Why we should embrace the end of human spaceflight

If God wanted us to live in outer space, we wouldn't have inner ears

Published April 12, 2011 11:01AM (EDT)

This week NASA is announcing where the soon-to-be-retired space shuttles will be displayed as museum relics. On April 19 the space shuttle Endeavor will be launched, on the penultimate mission of the program. The end of the space shuttle program will mean that the U.S. will have to rely on Russian rockets to deliver American astronauts to space, pending the development of private commercial spaceflight.

It is tempting to say that this is an outrage; that the effective end of the American manned spaceflight program is a national humiliation; that the program's demise is yet another symbol of the gap in mentality between the confident, ambitious Kennedy-Johnson years and today's solipsistic, penny-pinching America. It is tempting to say all that, but the temptation should be resisted.

The truth is that the American space program is flourishing. In recent years Mars has been visited by the Phoenix lander and the Mars rovers, Spirit and Opportunity. At the moment the Messenger probe is orbiting Mercury and the New Horizons probe is scheduled to pass Pluto in 2015. With the help of the orbiting Kepler space telescope, more than 500 planets in other solar systems have been identified. We live in the greatest age of cosmic exploration in history, even if the public pays little attention because there are no astronauts to engage in white-knuckle landings or to clown around for the cameras.

When the Apollo astronauts landed on the moon, many assumed that this was the first step toward permanent colonization of the moon and journeys by astronauts to other planets. From today's perspective, though, the space race was like the races to the North Pole and the South Pole. Once explorers had reached those destinations, the world lost interest.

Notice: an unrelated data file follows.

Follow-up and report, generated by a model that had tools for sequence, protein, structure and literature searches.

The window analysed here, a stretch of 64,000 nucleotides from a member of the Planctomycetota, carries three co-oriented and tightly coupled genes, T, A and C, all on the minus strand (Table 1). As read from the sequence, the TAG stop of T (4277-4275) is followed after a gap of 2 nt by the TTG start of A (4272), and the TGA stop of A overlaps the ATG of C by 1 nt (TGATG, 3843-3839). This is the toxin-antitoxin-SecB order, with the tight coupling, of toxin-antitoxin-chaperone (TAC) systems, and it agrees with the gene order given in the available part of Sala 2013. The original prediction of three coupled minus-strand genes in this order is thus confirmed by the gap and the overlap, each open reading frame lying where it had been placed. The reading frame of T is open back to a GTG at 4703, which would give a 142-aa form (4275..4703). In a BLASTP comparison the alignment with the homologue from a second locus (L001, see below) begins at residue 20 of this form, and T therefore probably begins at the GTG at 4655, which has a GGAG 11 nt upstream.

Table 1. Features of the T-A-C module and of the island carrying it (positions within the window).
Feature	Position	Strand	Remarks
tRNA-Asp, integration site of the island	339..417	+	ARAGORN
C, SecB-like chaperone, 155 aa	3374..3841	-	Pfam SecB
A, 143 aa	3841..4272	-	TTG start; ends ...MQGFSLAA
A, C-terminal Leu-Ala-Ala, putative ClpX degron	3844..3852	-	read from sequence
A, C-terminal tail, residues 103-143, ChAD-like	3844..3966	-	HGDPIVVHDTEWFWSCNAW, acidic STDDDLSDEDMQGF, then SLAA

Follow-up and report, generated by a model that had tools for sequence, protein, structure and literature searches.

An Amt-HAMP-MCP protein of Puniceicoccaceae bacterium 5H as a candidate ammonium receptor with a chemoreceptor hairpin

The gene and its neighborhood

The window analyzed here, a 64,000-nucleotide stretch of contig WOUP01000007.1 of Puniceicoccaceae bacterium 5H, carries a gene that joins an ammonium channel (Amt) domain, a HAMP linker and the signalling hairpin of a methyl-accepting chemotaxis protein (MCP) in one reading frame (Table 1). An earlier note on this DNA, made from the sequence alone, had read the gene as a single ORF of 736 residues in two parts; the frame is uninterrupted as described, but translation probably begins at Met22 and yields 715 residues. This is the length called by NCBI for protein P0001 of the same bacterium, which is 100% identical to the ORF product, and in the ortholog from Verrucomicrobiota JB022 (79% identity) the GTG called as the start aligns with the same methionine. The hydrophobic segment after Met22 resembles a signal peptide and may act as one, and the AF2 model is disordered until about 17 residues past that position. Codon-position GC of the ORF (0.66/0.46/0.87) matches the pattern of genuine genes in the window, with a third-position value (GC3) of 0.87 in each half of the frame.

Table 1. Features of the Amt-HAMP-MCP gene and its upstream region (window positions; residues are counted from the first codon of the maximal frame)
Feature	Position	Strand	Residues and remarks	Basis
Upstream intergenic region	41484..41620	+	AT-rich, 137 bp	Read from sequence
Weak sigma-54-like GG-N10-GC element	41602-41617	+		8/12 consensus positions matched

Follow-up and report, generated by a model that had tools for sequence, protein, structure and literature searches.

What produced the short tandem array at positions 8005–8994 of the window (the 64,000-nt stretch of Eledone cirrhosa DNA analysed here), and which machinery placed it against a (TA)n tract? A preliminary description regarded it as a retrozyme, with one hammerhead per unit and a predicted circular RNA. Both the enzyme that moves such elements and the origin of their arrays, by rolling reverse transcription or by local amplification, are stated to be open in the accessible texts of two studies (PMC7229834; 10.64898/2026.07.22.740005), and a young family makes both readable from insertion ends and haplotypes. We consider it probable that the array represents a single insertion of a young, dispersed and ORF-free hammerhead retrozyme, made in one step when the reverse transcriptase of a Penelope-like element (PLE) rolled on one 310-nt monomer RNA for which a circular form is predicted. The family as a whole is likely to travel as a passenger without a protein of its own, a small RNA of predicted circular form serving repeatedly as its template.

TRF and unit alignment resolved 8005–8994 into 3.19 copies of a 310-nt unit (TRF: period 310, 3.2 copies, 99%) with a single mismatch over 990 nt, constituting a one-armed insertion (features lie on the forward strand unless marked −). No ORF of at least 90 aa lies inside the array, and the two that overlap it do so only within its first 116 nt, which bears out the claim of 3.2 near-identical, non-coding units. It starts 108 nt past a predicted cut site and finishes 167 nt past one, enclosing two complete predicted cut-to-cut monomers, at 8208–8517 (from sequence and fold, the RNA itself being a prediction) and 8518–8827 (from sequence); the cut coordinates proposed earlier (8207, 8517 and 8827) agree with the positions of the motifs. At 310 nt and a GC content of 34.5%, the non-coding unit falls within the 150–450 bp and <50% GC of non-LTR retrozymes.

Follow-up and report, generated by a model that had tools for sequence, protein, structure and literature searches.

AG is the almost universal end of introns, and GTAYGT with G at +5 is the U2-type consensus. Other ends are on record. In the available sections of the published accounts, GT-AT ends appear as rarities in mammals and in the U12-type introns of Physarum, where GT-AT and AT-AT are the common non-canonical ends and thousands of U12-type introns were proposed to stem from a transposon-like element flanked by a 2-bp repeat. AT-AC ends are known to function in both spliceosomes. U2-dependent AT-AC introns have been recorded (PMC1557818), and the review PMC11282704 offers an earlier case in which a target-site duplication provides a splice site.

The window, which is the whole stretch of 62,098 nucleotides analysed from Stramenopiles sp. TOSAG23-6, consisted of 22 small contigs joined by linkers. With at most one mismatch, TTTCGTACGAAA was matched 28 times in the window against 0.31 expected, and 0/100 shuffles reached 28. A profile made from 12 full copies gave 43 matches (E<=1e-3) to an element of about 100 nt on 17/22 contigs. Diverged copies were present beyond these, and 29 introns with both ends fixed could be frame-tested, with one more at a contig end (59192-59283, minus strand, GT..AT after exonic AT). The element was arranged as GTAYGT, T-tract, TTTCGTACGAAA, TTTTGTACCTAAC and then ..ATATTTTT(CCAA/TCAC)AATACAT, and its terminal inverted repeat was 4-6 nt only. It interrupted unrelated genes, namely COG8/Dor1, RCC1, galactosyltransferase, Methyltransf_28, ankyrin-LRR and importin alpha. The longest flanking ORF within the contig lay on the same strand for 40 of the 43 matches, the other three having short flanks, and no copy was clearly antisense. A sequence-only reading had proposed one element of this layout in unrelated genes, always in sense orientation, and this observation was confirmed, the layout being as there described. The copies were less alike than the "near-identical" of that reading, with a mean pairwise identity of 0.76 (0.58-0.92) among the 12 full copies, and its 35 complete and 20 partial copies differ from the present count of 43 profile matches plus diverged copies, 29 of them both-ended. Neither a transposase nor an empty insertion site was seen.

Another parallel is ocean exploration. Back in the 1960s, visions of colonies on the moon competed with plans for domed cities on the ocean floor that gave a new meaning to the phrase "real estate bubble." Scientific exploration of the ocean depths continues to produce marvelous discoveries, like whole ecosystems that have evolved to take advantage of the heat and emissions of undersea volcanic vents. But the year 2000 came and went and millions of homeowners are "underwater" only in metaphor.

The parallel is not complete, of course. The poles and the ocean depths are far more hospitable to human life than near Earth orbit or the moon or Mars. Astronauts have learned that prolonged weightlessness does terrible things to the bones and the circulatory system. If God wanted us to live in outer space, we wouldn't have balancing systems in our inner ears. When and if the science-fiction alternative of providing a simulacrum of gravity by spinning a spaceship or space station is tried, let us hope there will be a plentiful supply of barf bags.

The worst enemies of human spaceflight are its proponents. Their arguments are so weak that you keep waiting for the real, knock-down argument, which never comes.

The success of robot space probes has discredited the idea that machines are too stupid to do science in space. When that argument for human spaceflight collapses, those that remain are preposterous.

One is the assertion that life has always sought out new environments. Just as plants and animals moved from the seas to the land, it is said, so humanity must transcend the boundaries of the Earth.

This is just silly. Animals never leave a comfortable habitat for a harsh one, unless they are forced to. That is why we don't see buffalo, raccoons and turtles marching off to Death Valley in great numbers to test their mettle, in a spirit of adventure.

Our vertebrate ancestors did not come ashore hundreds of millions of years ago because they decided to boldly go where no fish had gone before. Instead, generations of proto-amphibians in shallow water got stranded in separated ponds. The ones that were accidentally equipped to survive by desperately gulping air survived long enough to breed, and here we and our fellow land animals are. No lungfish congress would have voted to colonize dry land.